Saturday, September 28, 2019
Before You Were Mine by Carol Ann Duffy Essay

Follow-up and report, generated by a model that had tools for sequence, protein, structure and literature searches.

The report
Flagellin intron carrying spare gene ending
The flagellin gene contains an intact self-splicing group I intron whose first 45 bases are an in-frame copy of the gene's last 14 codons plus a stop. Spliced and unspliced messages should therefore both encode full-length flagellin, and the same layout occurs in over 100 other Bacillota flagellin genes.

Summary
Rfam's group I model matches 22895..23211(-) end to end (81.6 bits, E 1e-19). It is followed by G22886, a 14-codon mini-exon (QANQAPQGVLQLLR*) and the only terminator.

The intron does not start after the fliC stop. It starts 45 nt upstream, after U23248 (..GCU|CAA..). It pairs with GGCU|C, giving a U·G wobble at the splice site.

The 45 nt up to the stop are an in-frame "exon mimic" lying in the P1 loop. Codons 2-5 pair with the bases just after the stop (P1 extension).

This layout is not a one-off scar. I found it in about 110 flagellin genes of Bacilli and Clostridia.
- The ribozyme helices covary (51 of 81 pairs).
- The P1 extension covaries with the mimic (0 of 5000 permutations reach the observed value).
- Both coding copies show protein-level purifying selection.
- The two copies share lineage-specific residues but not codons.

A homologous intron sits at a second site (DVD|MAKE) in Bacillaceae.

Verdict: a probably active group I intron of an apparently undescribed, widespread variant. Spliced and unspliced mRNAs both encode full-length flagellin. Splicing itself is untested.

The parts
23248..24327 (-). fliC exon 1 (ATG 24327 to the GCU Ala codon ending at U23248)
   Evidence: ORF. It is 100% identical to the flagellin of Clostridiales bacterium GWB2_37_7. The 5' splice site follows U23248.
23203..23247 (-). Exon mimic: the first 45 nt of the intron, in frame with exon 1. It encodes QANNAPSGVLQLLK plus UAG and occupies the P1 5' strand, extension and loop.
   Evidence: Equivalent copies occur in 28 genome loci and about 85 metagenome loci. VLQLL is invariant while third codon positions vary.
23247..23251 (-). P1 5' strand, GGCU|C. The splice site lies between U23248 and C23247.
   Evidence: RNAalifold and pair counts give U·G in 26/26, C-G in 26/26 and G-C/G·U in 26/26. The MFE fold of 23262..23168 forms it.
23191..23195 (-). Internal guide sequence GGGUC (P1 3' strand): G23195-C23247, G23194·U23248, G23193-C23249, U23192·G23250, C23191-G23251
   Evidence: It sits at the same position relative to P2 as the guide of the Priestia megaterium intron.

Ã¢â¬Å"Before you were mineÃ¢â¬ is a poem written by a daughter about how she imagines her motherÃ¢â¬â¢s life ten years before the daughter was born. The author describes the photo of her mother with two of her friends. They Ã¢â¬Å"shriek at the pavementÃ¢â¬ and seem to be sharing a joke, young and lightsome (line 4). She knows that the thought of having a child one day doesnÃ¢â¬â¢t occur to her mother when she was young and had a lot of dreams. Now remembering her own childhood, Duffy thinks of how she used to play with her motherÃ¢â¬â¢s red shoes and imagines when her mother might have worn them. She remembers how her mother used to teach her dance steps when she was a little girl. The poem is a four stanza one, each stanza being made up of five lines, with some variation in length of line. The first two stanzas focus purely on the life of the mother before the daughter was born, whilst the third stanza opens with a reference to the daughterÃ¢â¬â¢s birth and then moves to the daughterÃ¢â¬â¢s vision of her mother in her earlier life, thus providing a link with the previous stanzas. The fourth stanza begins with a recollection from the daughterÃ¢â¬â¢s younger life with her mother, and then takes us back once again to the motherÃ¢â¬â¢s days of dancing. I consider that the language contributes to the mood of the poem. The poem is written in first person narrative voice. There are many references to her mother as very happy Ã¢â¬â Ã¢â¬Å"you laugh / the bold girl winking in PortobelloÃ¢â¬ , Ã¢â¬Å"you sparkle and waltz and laughÃ¢â¬ (lines 13-15). The authorÃ¢â¬â¢s motherÃ¢â¬â¢s life can be perceived as flashy. Her mother is likened to Marilyn Monroe: Ã¢â¬Å"Your polka-dot dress blows round your legs. MarilynÃ¢â¬ (line 5). DuffyÃ¢â¬â¢s mother dreams of Ã¢â¬Å"fizzy, movie tomorrowsÃ¢â¬ (line 7). The poem is written in the present tense, as if the events of the photo are happening now. I suppose in this way the poet tries to make her motherÃ¢â¬â¢s past as real as possible. It seems juicy to read a poem in which a daughter imagines how full of life and fun her mother must have been before she was born. Her admiration of her mother is shown in a direct way, and words such as Ã¢â¬Å"shriekÃ¢â¬ , Ã¢â¬Å"sparkleÃ¢â¬ and Ã¢â¬Å"fizzyÃ¢â¬ image the carelessness of youth. Throughout, the poet is very possessive of her mother. References to her appear constantly: Ã¢â¬Å"IÃ¢â¬â¢m ten years awayÃ¢â¬ ¦ Ã¢â¬ , Ã¢â¬Å"IÃ¢â¬â¢m not here yetÃ¢â¬ ¦ Ã¢â¬ , Ã¢â¬Å"I rememberÃ¢â¬ ¦ Ã¢â¬ (lines 1, 6 and 12). The word Ã¢â¬Å"mineÃ¢â¬ appears in the title and the poem actually concludes with the same words as the title, as if the poet is locking her mother in a firm embrace of words.